Saturday, February 16, 2013

Giving up

More than a few years ago someone decided that this route was no longer the best way to get there. Whether they took this bridge down and left it or whether it slowly wore itself down over time I don't know, but here it sits, keeping company with the river that borders a piece of public game land.  I hunt here often, not because it's productive but because it's very large and only an hour from home.

Last Saturday I stopped to snap this picture before heading back to the truck.  After a morning of moving no birds in two of the areas, and debating whether to give up and head home, I stopped by a third area on the way back to the interstate.  Several rabbit hunters were packing up and I asked if they'd seen any birds.

"Hadn't seen the first quail.  You might try over there off Larry Cope Rd."

"I just left there.  Didn't see any."

"You huntin' them draws?  That's where I seen 'em."

"Yep."  I'd hunted the draws, the edges, the middles, and all the way down to the river. This gentleman wasn't the first to tell me he'd seen birds there.

It was time to give up and get on home.  I knew of one more area I hadn't hit yet that had never produced a single bird for me and figured what the hell.  It was only a mile out of the way and as long as I was down here...well, what the hell.  Pulling in I saw a pickup parked by the sign and then it really was over for the day.  As I eased down the road looking for a place to turn around I scanned the woods, wondering if they were rabbit hunters or bird hunters, wondering if they were having better luck than I was.  At the turnaround I still hadn't seen anyone. Maybe they'd gone the other direction from their truck?  Maybe they were hikers? Maybe the truck broke down and there wasn't anyone here after all?  What the hell.

Walking up the ridge with Wyatt out in front I remembered what the rabbit hunter had said about seeing birds in the draws.  My plan was to walk up the ridge and try the draw on the right side, working back into the wind, then walk back up the ridge, wind at our backs, and try the draw on the left side.  A few hundred yards in a lone bobwhite jumped up, catching both of us off guard.  We watched it sail away up the ridge and as Wyatt sniffed the grass where it had appeared, I heard another flush behind and to left of us, turning in time to see eight or ten birds blast from the draw over the ridge. Before any sat down I heard another flush further up the ridge, turning back around to see Wyatt standing still while fifteen or twenty birds got up in front of him.  Wow.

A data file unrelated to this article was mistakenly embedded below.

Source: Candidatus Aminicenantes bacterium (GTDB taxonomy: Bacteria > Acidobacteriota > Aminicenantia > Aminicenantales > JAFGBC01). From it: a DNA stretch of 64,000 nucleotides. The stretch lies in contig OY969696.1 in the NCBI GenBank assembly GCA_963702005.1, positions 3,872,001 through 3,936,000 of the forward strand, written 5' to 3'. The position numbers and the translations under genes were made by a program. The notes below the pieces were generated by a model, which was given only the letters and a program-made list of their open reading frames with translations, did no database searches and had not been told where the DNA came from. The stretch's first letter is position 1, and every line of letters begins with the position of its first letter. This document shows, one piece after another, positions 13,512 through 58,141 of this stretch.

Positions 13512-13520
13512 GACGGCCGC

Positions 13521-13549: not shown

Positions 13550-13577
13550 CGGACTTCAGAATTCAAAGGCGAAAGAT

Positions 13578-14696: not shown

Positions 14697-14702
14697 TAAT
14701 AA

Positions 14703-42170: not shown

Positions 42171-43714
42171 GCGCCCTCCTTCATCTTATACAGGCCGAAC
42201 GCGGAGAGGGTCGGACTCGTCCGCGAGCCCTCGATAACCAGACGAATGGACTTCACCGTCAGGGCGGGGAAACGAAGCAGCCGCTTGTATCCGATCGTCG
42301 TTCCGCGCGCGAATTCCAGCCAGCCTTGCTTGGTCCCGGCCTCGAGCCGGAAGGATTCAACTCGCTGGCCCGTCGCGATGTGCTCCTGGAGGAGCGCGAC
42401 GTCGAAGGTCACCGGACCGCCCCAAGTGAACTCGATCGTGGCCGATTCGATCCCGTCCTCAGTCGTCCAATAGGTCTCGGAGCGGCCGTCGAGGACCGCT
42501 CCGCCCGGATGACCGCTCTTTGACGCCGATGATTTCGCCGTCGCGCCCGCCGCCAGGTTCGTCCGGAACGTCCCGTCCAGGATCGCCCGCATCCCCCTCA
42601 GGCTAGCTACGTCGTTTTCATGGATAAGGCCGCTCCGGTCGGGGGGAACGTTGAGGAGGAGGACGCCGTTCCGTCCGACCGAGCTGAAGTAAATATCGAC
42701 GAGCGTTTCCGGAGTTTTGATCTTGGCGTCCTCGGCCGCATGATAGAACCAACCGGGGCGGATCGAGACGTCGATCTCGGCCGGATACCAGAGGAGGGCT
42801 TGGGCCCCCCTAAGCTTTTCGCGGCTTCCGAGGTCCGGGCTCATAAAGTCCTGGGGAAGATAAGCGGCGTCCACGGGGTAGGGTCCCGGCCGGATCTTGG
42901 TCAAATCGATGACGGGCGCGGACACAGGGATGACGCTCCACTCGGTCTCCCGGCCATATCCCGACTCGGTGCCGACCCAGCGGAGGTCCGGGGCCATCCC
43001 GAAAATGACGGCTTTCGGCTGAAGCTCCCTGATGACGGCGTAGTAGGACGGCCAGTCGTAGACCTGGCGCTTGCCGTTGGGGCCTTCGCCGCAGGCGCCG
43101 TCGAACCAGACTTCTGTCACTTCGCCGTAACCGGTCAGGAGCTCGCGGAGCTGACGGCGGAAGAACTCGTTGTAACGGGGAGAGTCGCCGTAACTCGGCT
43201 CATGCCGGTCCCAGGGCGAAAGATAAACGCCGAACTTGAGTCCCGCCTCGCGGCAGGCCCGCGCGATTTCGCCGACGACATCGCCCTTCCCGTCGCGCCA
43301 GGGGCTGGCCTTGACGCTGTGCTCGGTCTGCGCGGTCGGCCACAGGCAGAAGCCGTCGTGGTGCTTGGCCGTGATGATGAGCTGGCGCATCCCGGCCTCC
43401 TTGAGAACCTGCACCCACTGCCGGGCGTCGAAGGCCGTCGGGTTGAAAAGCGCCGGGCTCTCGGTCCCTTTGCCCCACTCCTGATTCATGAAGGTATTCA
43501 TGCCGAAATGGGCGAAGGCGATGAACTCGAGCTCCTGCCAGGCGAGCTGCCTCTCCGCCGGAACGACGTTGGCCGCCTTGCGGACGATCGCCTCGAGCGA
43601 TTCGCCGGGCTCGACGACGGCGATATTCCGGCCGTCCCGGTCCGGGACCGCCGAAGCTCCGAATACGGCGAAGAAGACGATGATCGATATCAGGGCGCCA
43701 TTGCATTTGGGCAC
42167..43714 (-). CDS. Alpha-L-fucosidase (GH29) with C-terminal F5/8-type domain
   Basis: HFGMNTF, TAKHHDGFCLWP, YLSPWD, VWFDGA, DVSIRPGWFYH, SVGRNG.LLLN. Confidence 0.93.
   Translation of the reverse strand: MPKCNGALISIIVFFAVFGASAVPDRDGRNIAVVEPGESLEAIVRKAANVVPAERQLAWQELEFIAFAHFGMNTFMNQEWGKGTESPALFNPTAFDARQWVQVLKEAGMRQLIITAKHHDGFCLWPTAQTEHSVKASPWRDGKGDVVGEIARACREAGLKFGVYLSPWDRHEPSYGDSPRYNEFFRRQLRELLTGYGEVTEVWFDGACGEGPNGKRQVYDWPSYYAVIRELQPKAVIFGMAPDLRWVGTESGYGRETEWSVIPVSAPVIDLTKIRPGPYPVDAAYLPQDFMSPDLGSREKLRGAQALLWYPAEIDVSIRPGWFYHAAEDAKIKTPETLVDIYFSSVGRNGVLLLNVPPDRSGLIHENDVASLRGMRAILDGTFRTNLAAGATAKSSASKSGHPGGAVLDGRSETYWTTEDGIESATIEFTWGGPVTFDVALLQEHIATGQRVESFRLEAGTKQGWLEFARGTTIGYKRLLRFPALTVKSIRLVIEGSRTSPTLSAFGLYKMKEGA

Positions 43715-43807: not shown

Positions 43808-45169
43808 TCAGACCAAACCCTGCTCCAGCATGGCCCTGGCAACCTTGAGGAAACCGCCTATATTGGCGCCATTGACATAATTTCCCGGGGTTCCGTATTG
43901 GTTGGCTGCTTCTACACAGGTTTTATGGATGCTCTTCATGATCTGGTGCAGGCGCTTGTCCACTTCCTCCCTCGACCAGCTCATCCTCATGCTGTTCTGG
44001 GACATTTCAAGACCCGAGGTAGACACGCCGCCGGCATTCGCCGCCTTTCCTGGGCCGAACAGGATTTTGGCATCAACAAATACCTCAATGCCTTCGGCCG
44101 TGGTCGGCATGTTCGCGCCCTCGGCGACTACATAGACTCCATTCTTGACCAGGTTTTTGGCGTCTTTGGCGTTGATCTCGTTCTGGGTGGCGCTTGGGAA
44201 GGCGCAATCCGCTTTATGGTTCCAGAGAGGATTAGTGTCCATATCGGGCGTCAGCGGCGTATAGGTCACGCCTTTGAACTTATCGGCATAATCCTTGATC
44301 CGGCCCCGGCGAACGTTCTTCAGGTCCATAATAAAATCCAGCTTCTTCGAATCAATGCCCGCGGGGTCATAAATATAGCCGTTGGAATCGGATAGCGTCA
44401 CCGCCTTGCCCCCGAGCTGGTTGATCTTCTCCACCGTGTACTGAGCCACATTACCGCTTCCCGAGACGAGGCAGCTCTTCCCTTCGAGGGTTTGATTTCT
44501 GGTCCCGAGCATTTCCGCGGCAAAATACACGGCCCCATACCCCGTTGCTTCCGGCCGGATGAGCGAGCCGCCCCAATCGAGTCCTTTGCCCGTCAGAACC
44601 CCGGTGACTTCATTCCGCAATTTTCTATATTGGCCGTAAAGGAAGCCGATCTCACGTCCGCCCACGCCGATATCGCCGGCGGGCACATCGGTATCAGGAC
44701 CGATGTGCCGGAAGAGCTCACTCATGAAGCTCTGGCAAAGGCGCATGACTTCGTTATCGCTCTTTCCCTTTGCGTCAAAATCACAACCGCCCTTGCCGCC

All of this happened in a span of maybe seven or eight seconds, at the end of which I stood staring with my gun still broken over my shoulder.  We hunted the singles from the first flush for a while but most likely they flew farther than I guessed.  This was the largest wild covey I'd seen in South Carolina in...well, maybe ever.  In a place I'd never seen birds before, on a day when I tried to quit hunting three times already.  The words of Winston Churchill and Jimmy V whispered in my ear, "Never give up."

Last night I laid out all the gear for an early start.  I'd beat all the rabbit hunters and bird hunters to the spot and find that covey again, working into the wind this time.  One bird, one good shot and one retrieve and I'd leave them alone.  In the dark of the night a 30% chance of rain turned to this:

Indian Creek is about square in the middle of all that green.  So this is what we're doing instead...


  1. "All of this happened in a span of maybe seven or eight seconds, at the end of which I stood staring with my gun still broken over my shoulder."

    This hardly ever happens to me when I shoot sporting clays. Probably a good reason not to take up hunting.

    "Next time" is a deeply rooted concept in both fishermen and hunters. Great post.

    1. When the clay pigeons start flushing wild, it's time to find a new gun club.

  2. Your day was like mine today except I didn’t hear the roar or see the feathered explosion of a coveyrise. Every spring during gobbler season, I hear the early morning calls of quail surrounding me in this particular spot. In this winter and last, I have yet to find the covey. While hopeful, expectations were realistic, but I anticipated a beautiful walk behind Abby through wiregrass and longleaf, and it was. The next time there, I hope to hear a gobbler, and I probably will. Turkey season is just around the corner.

    1. I've always found hearing and seeing quail to be entirely different propositions. Fall covey counts at the property I mention above recorded 16 coveys. In the last 3 seasons I've found two of them.